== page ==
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The conservation team volunteered their time to perform a condition assessment of the entire Ruspoli collection housed at Villanova University. Temporary hanging racks were used to store several of the works throughout the examination process.
timeline view   simple view
Date: 2014-08-23
Project interns and volunteers performed photo-documentation of each painting and completed summarized condition reports for Villanova's archives.
timeline view   simple view
Date: 2014-08-23
Performed in-situ x-radiography on entire composition with the assistance of GE Energy Management Inspection Services. Continued to apply fills and tone losses throughout upper section.
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Date: 2014-09-01
Continued to apply fills and tone losses throughout upper section.
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Date: 2014-09-07
A team from GE Energy Management Inspection Services helped to prepare the space to ensure that all safety precautions were followed accordingly. The x-ray tube was positioned on tripod in front of the painting at a fixed distance for all 120 captures (Pictured Here: James McKinney III and Mark Shurtleff from GE Energy Management).
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Date: 2014-09-07
A special holder equipped with magnets was designed by Villanova's Instrument/Machinist expert Brad Thorstensen to hold the light-sensitive polyester film in place during each exposure. The film could be easily slid in and out of the holder while the magnets were used to suspend the film in a fixed position (Pictured Here: Project Leader Kristin deGhetaldi).
timeline view   simple view
Date: 2014-09-07
Over a period of 3 days, over 120 captures were taken of the painting. A number of volunteers were involved in the lengthy process which involved scaffolding, ladders, and other cumbersome equipment (Pictured Here: Project intern Keara Teeter and project volunteer Morgan Shankweiler).
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Date: 2014-09-07
The team collected over 120 captures to produce this overall composite image of the x-radiograph. X-rays have a difficult time penetrating areas that were painted with lead white or other radio-opaque pigments (such as vermillion) in addition to sections that were built up with several layers of paint. These regions appear white in the X-ray image and help to reveal brushwork, changes, and even hidden figures.<br/><a href="http://www.artcons.udel.edu/about/kress/examination-techniques-and-scientific-terms/x-radiography" target="_blank">More on X-Radiography Here</a>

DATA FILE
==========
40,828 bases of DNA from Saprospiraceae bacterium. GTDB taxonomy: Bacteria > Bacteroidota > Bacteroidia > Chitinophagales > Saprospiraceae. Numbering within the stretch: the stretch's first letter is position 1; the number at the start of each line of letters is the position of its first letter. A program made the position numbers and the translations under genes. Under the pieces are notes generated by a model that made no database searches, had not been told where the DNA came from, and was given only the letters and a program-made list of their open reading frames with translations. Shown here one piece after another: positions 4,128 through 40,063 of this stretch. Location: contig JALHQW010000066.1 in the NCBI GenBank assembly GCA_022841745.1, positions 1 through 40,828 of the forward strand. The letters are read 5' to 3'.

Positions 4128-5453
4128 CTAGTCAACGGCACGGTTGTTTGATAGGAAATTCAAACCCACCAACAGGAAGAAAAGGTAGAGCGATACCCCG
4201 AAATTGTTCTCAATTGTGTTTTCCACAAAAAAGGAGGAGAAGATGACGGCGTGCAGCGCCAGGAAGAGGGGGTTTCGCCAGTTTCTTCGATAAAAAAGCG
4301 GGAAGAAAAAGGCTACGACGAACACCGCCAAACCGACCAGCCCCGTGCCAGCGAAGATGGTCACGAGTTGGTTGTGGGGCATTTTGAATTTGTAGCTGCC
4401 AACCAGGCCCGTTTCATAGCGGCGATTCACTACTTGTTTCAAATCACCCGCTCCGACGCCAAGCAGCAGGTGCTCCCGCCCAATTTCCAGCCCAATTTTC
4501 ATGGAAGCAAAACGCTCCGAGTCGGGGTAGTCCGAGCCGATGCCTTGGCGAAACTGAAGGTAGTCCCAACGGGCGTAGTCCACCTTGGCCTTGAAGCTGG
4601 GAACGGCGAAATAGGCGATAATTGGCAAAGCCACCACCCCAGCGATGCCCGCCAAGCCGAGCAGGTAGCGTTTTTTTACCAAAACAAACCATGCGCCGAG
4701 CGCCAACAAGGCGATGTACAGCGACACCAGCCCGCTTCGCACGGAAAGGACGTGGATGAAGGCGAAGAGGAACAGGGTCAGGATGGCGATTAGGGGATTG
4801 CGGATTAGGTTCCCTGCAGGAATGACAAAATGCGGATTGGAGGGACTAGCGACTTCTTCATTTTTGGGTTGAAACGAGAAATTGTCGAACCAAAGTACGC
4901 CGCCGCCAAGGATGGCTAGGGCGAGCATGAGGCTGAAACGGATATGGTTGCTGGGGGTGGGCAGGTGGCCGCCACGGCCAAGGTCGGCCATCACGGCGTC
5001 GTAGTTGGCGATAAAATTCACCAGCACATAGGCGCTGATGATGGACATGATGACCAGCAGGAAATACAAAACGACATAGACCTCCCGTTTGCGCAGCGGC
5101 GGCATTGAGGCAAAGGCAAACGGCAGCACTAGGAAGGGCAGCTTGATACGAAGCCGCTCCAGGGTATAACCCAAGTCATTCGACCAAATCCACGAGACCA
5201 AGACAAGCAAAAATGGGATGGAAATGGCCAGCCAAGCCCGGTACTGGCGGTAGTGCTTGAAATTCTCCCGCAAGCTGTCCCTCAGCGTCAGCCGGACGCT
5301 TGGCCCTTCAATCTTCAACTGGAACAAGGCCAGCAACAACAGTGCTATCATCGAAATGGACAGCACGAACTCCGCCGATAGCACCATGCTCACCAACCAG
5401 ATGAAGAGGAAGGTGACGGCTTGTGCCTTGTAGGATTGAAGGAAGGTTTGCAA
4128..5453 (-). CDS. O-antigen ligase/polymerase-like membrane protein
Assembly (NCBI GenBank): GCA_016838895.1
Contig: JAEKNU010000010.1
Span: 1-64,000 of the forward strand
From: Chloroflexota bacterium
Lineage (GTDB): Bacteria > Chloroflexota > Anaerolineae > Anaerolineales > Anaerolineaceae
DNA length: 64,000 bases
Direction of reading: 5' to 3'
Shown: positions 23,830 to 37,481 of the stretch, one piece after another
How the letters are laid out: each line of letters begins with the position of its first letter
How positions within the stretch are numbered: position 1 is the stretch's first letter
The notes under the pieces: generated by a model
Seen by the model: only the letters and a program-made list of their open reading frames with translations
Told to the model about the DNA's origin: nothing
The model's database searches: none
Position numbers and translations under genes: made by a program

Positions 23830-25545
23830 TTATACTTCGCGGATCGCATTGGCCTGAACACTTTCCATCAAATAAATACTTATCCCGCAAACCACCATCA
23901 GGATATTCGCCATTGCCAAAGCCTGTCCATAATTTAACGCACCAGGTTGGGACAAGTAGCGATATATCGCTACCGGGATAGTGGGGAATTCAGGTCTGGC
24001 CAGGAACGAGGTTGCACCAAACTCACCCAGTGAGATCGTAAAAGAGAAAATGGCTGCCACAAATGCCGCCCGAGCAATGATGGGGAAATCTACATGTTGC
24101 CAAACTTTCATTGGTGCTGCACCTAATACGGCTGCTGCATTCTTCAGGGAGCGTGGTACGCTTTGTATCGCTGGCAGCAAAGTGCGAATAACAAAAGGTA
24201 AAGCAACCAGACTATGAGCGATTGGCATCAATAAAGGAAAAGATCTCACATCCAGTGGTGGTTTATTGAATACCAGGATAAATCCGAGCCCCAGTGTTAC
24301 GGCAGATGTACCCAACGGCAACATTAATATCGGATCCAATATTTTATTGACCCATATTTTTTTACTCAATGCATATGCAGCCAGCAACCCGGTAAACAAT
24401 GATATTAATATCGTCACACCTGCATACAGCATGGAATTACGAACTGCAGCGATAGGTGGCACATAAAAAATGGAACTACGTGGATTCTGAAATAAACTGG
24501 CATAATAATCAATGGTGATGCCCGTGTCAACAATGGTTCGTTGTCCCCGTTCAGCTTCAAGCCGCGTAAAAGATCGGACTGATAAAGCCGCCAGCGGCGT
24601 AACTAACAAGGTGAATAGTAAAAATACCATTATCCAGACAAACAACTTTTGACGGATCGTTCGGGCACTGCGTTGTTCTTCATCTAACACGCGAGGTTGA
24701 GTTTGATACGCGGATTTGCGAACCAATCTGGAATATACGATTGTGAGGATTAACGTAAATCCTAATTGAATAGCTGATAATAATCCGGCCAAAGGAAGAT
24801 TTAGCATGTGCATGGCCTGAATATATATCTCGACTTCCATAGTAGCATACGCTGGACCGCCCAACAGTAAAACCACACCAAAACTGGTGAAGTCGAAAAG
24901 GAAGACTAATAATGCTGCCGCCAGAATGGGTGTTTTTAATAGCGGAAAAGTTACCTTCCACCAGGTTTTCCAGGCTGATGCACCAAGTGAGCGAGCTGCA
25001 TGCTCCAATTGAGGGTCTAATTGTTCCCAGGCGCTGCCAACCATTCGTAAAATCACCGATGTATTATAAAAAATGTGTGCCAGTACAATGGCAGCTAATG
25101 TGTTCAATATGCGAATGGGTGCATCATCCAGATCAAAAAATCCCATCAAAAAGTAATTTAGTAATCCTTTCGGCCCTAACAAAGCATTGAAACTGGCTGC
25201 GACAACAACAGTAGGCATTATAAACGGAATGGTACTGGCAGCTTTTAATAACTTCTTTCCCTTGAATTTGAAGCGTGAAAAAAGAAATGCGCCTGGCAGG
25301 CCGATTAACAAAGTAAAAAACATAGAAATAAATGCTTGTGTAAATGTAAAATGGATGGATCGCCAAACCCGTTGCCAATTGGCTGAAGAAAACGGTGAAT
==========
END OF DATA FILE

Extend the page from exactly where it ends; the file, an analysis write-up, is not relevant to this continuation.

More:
timeline view   simple view
Date: 2014-09-13
Minimal changes were detected in the two women shown in this detail, indicating that they were planned during the initial stages of the composition. The arms of the left woman were enlarged as well as her shoulder.
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Date: 2014-09-18
Only slight changes were made to Goliath's head. This area is very thinly painted and was likely executed during the early stages of the composition.
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Date: 2014-09-18
Two smaller female heads (in conversation) were part of the original composition. At some point there were covered with the blue paint of the sky and replaced with a single female head.
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Date: 2014-09-18
Slight adjustments were made to King Saul's head as it was initially much larger. The original position of the crown can clearly be seen in the x-ray image.
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Date: 2014-09-18
Multiple changes were made to the position of the soldier's feet and legs.
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Date: 2014-09-18